Why Does Meditating Make Me Anxious?
Got this question in an email from Marc.
“Hi Roger … I recently started meditating and frankly, I find it makes me even more anxious than I usually am. But I persevered, and I’ve been meditating now for over two months, and I still find it an uncomfortable experience. I’m wondering if other people find it as stressful as me, or am I doing something wrong.”
My reply: Hi Marc – if you haven’t read my new book, ‘Being Still’, you really should, because more than my other books, I talk extensively about what you’re asking me about. In my book, I related an important lesson I learnt from a Sinhalese monk when I began meditating about forty years ago. I’ll paste it here:
“Around that time, I heard about a local Buddhist temple where a Sinhalese monk was teaching meditation two nights a week. People I knew who had attended his classes were telling me his teachings were clear, and most importantly, they made practical sense.
Sounded good to me, so I decided to give meditation one more go.
At first the same thing happened as last time – daydreams, nausea, aches, pains, boredom, claustrophobia and so on. I stuck it out for two weeks, but eventually I just couldn’t take it anymore. I declared to the monk that I was giving up.
He wasn’t impressed.
He said in his quaint Sinhalese accent, ‘So what did you expect to get from meditation?’
I thought about this.
‘To have a calm experience,’ I said. ‘At the very least.’
‘I see,’ he said. ‘So tell me, are you a calm person?’
I laughed and shook my head.
‘And your life,’ he said. ‘Has it been calm?’
‘Oh no, not at all,’ I said.
‘Well then,’ he said. ‘How would you describe your life?’
Once more I gave this some thought.
‘It’s been a bit chaotic,’ I said. ‘Well, actually, it’s been a total roller coaster … which is why I want to learn how to meditate.’
He nodded again.
‘Okay,’ he said, ‘So after living this chaotic life, suddenly you expect to sit down and be instantly calm, and instantly different to who you’ve always been?’
I nodded, though dubiously now, because I was beginning to see his point.
He smiled and said, ‘Can you not see how illogical that is?’
‘But isn’t that what meditation is supposed to do?’ I said. ‘Isn’t the meditation experience supposed to make me calm? And what about the alpha state?’
‘Meditation is not magic,’ he said. ‘Each of us is what we have made ourselves to be. Nothing can change that. So forget about alpha, beta, delta or whatever you’re talking about. Meditation is nothing to do with those things.’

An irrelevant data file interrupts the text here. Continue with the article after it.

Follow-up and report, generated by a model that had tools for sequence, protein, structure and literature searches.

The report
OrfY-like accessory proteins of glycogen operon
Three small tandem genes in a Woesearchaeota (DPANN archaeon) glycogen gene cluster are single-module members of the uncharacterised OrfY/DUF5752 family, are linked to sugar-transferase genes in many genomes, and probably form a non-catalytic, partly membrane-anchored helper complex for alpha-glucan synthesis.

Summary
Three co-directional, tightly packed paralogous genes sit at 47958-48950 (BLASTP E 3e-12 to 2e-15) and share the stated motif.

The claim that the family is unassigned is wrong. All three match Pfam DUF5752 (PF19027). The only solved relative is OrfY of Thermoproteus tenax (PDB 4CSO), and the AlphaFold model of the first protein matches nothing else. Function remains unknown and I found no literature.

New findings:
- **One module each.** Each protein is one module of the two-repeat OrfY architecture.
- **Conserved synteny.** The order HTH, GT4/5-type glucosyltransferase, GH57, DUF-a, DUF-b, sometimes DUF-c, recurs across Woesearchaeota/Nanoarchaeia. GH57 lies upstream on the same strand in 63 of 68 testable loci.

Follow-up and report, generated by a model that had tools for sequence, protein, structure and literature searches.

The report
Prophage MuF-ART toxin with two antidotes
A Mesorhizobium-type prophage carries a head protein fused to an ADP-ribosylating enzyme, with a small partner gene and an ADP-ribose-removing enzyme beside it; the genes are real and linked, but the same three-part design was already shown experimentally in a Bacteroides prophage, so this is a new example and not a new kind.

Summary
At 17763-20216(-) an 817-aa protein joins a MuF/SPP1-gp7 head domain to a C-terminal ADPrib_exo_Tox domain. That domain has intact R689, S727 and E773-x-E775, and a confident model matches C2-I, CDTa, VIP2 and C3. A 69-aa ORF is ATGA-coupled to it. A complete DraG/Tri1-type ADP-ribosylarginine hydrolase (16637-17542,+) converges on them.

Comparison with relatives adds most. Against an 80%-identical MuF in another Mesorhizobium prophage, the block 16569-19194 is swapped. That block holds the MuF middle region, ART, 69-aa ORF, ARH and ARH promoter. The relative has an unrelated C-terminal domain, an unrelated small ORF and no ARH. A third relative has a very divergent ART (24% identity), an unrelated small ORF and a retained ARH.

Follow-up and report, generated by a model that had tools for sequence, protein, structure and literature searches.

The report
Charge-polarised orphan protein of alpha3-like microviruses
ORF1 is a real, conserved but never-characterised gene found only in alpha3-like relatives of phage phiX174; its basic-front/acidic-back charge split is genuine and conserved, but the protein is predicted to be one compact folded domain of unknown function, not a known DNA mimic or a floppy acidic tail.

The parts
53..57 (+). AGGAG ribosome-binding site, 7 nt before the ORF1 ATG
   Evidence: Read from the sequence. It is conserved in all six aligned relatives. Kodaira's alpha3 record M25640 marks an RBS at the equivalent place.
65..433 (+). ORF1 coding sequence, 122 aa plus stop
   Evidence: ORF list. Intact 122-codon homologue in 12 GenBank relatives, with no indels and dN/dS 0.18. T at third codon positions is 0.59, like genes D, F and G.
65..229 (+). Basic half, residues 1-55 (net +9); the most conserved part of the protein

‘Oh,’ I said, somewhat discomforted.
He went on. ‘Meditation teaches us to experience the truth of what we’ve become, and what we are. Only then, when we learn to be still and we feel the truth of what we’ve become, will mind and body naturally readjust themselves.’
I found myself struggling with this.
I said, ‘So you’re saying that all the pain and thinking that I experience when I meditate, is because of the kind of life I’ve led?’
He smiled and nodded.
‘Yes,’ he said. ‘It is the chaos of your life as it has been retained in your mind and your body as mental and physical habits and reactions, which appear in meditation as pain and discomfort. And all you have to do is remain still, and your mind and your body will readjust themselves. Eventually, they will let go of the chaos and find balance on their own. But this takes time. After all, you’ve spent a whole life creating this chaos so it will not disappear overnight.’
Then he added, ‘Always remember, just because you feel pain and anxiety when you meditate, does not mean stillness is not here. Stillness reveals whatever stands in its way. And stillness will renew you on every level, so long as you keep going.’”
So, when you meditate, I think it’s helpful to remember the kind of life you’ve been born into, and the kind of culture you’ve been conditioned by, and the nature of the organism that you’ve been made into. As R.D. Lang, the famous American psychiatrist once said, “Insanity — a perfectly rational adjustment to an insane world,” and I think it is particularly apt when it comes to the deep dive into our mentality that we do when we meditate.
We close our eyes, and unlike every other waking period of our day, we choose to sit totally still – something we’re not used to. And on that space, uninterrupted by outer distractions, it is inevitable that we meet our inner Self – the truth of what we have become. And I would say, considering everything, that the anxiety you’re experiencing is a common reaction.
So then, what to do?
Well, a three phase approach is best.
- Ignore all the expectations you have, of what you want from meditation, and accept what’s happening now … and now …. and now. Accept the feelings of anxiety as they are, in each moment.
- Break the anxiety down to it’s most basic element, aside from what your mind is making of it That is to say, look past your dislike of it. Go to how it feels in your body. The physical aspect of the anxiety, being the cause of all your mental reactions, is the only aspect which can change.
So, work with the sensations.
Find the tensions the sensations are made from, and work on relaxing them.
- Instead of berating yourself for feeling anxious, love this mind-body that tells you how it feels, and lives your life for you. Meditate with compassion for the organism that you are.
As Acharn Thawee, another of my teachers, once said to me: “Your mind and body are like your children, often ignorant, needful and lost. So, like a good parent, you should treat them as if they were your own children … with compassion, firmness and patience.”
‘BEING STILL – MEDITATION THAT MAKES SENSE’, Roger’s new book, is available now.
(The audiobook includes all the exercises, as well as ebooks of Being Still, to fit any device.)